You can borrow from the Devil
You can borrow from a friend
But the Devil give you twenty
When your friend got only ten
Then they reprised a really nice jazzy "Playing in the Band" to complete the circle and finish the set.
The Bird and I were in a section that was crowded (there was no security so guys would just stand in the aisles) so we decided to use the Intermission time to walk around and check out the view from behind the stage where one our tickets for tonight is located. Just like Madison Square Garden sitting behind the stage is pretty cool. It wasn't crowded at all, we were much closer and the sound was way better, and you get a great view of the drummers, which I really like. So we stayed there for the entire second set, which started with a slow jam of cascading notes that turned into "Jack Straw". Then "Alligator" and "Caution" with Warren handling the vocals. He plays the Pigpen role well in these types of tunes. Then a really long (again "jazzy" in my notes) with Phil playing a fast "walking bass" rhythm that kept it moving at a good pace. Space Jam and Drumz, always entertaining for me, if I haven't mentioned it before Jeff C. has been joining Billy and Mickey on Drumz providing some additional psychedelic sounds. The band came back out for "Loose Lucy" and "Comes A Time" which was played ballad style with Warren singing. Lots of Warren vocals in this show. Then they rocked to the finish line with "Cold Rain and Snow" and "Sugar Magnolia/Sunshine Daydream".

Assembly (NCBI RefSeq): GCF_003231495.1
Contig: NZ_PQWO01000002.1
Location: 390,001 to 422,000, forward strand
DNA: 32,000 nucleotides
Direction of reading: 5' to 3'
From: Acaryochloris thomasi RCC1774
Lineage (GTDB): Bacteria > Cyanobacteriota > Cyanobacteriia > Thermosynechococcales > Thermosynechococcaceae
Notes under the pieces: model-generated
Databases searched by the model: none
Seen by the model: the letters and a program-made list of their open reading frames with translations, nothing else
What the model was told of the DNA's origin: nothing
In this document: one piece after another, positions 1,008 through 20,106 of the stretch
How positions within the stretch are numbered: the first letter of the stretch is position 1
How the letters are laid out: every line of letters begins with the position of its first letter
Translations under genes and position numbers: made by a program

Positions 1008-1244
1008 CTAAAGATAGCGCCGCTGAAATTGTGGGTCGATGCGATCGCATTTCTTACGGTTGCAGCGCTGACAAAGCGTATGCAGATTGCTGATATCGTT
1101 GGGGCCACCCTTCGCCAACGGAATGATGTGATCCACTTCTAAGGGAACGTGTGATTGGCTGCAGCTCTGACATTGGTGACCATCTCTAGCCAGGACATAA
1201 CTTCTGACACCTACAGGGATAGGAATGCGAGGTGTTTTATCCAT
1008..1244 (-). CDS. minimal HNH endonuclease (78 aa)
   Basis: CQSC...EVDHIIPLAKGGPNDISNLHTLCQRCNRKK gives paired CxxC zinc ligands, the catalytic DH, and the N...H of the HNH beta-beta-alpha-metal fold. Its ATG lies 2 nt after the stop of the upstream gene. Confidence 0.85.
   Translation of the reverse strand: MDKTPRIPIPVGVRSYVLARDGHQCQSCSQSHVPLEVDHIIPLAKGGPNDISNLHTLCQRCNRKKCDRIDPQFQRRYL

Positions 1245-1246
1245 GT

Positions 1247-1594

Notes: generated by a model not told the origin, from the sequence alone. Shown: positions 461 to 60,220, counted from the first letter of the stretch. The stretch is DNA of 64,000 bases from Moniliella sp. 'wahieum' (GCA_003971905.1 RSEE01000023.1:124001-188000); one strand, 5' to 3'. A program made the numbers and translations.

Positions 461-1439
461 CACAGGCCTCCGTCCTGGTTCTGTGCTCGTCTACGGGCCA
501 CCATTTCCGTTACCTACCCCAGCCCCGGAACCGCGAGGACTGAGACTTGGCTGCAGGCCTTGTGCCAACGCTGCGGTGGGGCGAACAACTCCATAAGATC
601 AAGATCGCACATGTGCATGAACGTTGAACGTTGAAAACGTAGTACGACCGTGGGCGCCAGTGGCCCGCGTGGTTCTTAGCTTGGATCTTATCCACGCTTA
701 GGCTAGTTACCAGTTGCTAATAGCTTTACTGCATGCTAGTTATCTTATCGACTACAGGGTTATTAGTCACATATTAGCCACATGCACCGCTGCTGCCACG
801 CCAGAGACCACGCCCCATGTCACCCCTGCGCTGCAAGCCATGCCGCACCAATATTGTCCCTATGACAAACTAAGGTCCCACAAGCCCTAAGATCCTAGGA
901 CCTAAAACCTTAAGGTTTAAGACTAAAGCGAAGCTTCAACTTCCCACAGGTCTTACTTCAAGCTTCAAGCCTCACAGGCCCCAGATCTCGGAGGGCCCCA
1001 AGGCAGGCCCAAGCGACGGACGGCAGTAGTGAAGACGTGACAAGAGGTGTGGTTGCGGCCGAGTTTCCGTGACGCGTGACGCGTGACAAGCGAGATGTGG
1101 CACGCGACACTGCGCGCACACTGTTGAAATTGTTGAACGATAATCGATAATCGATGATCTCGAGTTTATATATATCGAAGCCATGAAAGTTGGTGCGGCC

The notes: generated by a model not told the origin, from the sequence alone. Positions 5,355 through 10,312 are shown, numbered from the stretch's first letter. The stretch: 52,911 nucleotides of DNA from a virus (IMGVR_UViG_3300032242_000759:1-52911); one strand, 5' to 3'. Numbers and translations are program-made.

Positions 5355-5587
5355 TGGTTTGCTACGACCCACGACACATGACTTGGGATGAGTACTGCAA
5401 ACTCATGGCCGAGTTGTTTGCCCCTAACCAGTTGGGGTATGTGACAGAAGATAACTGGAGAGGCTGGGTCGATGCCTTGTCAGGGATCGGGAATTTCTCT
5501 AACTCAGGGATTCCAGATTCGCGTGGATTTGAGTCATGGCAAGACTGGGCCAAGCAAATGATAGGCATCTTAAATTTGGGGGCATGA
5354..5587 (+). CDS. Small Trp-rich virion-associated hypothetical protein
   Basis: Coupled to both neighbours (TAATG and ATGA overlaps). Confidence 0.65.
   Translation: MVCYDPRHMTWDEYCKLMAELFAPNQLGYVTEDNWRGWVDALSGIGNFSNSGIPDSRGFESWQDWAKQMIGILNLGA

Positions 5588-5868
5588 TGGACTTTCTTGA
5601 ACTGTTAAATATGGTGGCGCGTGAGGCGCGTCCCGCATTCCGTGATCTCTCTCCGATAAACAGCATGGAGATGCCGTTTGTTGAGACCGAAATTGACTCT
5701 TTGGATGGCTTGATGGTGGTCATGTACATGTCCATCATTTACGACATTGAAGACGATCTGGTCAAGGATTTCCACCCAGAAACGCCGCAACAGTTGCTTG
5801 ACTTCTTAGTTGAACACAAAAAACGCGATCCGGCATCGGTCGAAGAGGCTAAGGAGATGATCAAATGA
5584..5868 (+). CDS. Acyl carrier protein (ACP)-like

"Box of Rain" for the encore and it was over.
Going over it all again this morning, this description of the show reads much better than it felt last night to both us. We both felt like it was just a little "lackluster" although I can't point to any specific issues. On the ride up to Philly I pointed out that this was the first Dead show that the Bird and I have attended just as a couple, without a bunch of other folks. She reminded me of 2004 at Nissan (we met Wayne there), but I don't think that had anything to do with it. Though we did miss Davis.
Anyway, Jack the Wad will be joining us tonight and we'll do it all again! Stay tuned...